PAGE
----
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What Are the Medical Consequences of Tobacco Use?

Cigarette smoking kills an estimated 440,000 U.S. citizens each year—more than alcohol, illegal drug use, homicide, suicide, car accidents, and AIDS combined. Between 1964 and 2004, more than 12 million Americans died prematurely from smoking, and another 25 million U.S. smokers alive today will most likely die of a smoking-related illness.

Cigarette smoking harms nearly every organ in the body. It has been conclusively linked to cataracts and pneumonia, and accounts for about one-third of all cancer deaths. The overall rates of death from cancer are twice as high among smokers as nonsmokers, with heavy smokers having rates that are four times greater than those of nonsmokers. Foremost among the cancers caused by tobacco use is lung cancer—cigarette smoking has been linked to about 90 percent of all cases of lung cancer, the number one cancer killer of both men and women. Smoking is also associated with cancers of the mouth, pharynx, larynx, esophagus, stomach, pancreas, cervix, kidney, bladder, and acute myeloid leukemia.

Upper torso scan of a non-smokernext to a smoker.Using advanced neuroimaging technology, scientists can see the dramatic effect of cigarette smoking on the brain and body and are finding a marked decrease in the levels of monoamine oxidase (MAO B), an important enzyme that is responsible for the breakdown of dopamine. (Source: Fowler et al., 2003)

In addition to cancer, smoking causes lung diseases such as chronic bronchitis and emphysema, and it has been found to exacerbate asthma symptoms in adults and children. About 90 percent of all deaths from chronic obstructive pulmonary diseases are attributable to cigarette smoking. It has also been well documented that smoking substantially increases the risk of heart disease, including stroke, heart attack, vascular disease, and aneurysm. Smoking causes coronary heart disease, the leading cause of death in the United States: cigarette smokers are 2–4 times more likely to develop coronary heart disease than nonsmokers.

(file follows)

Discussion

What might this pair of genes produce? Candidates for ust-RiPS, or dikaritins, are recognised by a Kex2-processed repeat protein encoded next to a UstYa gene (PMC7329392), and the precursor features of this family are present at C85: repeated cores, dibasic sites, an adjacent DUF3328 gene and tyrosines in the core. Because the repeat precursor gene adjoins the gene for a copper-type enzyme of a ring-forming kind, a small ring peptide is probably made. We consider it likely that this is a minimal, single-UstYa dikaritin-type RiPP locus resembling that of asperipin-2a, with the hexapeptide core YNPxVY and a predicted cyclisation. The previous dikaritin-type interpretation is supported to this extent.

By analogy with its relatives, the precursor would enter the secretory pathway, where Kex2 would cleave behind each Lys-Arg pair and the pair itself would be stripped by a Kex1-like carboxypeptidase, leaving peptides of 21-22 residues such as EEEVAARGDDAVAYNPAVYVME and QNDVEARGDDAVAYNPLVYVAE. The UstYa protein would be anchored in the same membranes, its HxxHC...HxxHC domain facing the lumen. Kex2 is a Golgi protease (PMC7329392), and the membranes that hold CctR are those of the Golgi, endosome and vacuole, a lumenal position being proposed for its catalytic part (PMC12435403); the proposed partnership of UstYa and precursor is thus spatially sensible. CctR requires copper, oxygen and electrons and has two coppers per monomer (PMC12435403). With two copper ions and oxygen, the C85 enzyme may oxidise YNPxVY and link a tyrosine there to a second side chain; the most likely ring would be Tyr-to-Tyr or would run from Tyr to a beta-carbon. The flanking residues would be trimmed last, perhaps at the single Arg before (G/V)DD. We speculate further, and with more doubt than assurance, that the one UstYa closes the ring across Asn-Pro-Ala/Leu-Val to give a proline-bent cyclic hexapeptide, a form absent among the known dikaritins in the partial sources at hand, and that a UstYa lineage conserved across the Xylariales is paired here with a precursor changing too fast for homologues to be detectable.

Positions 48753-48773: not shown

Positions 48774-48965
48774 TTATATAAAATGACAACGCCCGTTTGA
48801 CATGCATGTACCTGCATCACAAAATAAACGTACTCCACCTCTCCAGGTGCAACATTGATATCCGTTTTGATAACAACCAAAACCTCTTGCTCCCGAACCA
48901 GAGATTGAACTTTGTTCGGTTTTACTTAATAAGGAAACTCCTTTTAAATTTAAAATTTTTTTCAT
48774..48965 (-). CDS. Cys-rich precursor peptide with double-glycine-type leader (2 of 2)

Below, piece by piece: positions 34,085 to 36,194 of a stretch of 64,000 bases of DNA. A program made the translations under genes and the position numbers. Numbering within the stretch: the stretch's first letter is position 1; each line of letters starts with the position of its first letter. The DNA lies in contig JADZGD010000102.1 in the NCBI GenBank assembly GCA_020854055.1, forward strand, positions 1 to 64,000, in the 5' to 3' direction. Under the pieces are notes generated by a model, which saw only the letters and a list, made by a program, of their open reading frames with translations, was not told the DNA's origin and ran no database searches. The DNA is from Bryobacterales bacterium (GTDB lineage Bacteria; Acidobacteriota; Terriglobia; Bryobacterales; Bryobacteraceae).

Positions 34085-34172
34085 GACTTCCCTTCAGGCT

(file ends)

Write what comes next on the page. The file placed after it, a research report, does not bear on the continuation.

Exposure to high doses of nicotine, such as those found in some insecticide sprays, can be extremely toxic as well, causing vomiting, tremors, convulsions, and death. In fact, one drop of pure nicotine can kill a person. Nicotine poisoning has been reported from accidental ingestion of insecticides by adults and ingestion of tobacco products by children and pets. Death usually results in a few minutes from respiratory failure caused by paralysis.

Although we often think of medical consequences that result from direct use of tobacco products, passive or secondary smoke also increases the risk for many diseases. Environmental tobacco smoke is a major source of indoor air contaminants; secondhand smoke is estimated to cause approximately 3,000 lung cancer deaths per year among nonsmokers and contributes to more than 35,000 deaths related to cardiovascular disease. Exposure to tobacco smoke in the home is also a risk factor for new cases and increased severity of childhood asthma. Additionally, dropped cigarettes are the leading cause of residential fire fatalities, leading to more than 1,000 deaths each year.

Healthy Human lung next to a tobacco smoker's lung.Sticky, brown tar coats the lungs of tobacco smokers. Along with thousands of other damaging chemicals, tar can lead to lung cancer and acute respiratory diseases.

This page was last updated July 2012

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NIDA. (2012, July 1). Tobacco/Nicotine. Retrieved from https://www.drugabuse.gov/publications/research-reports/tobacconicotine

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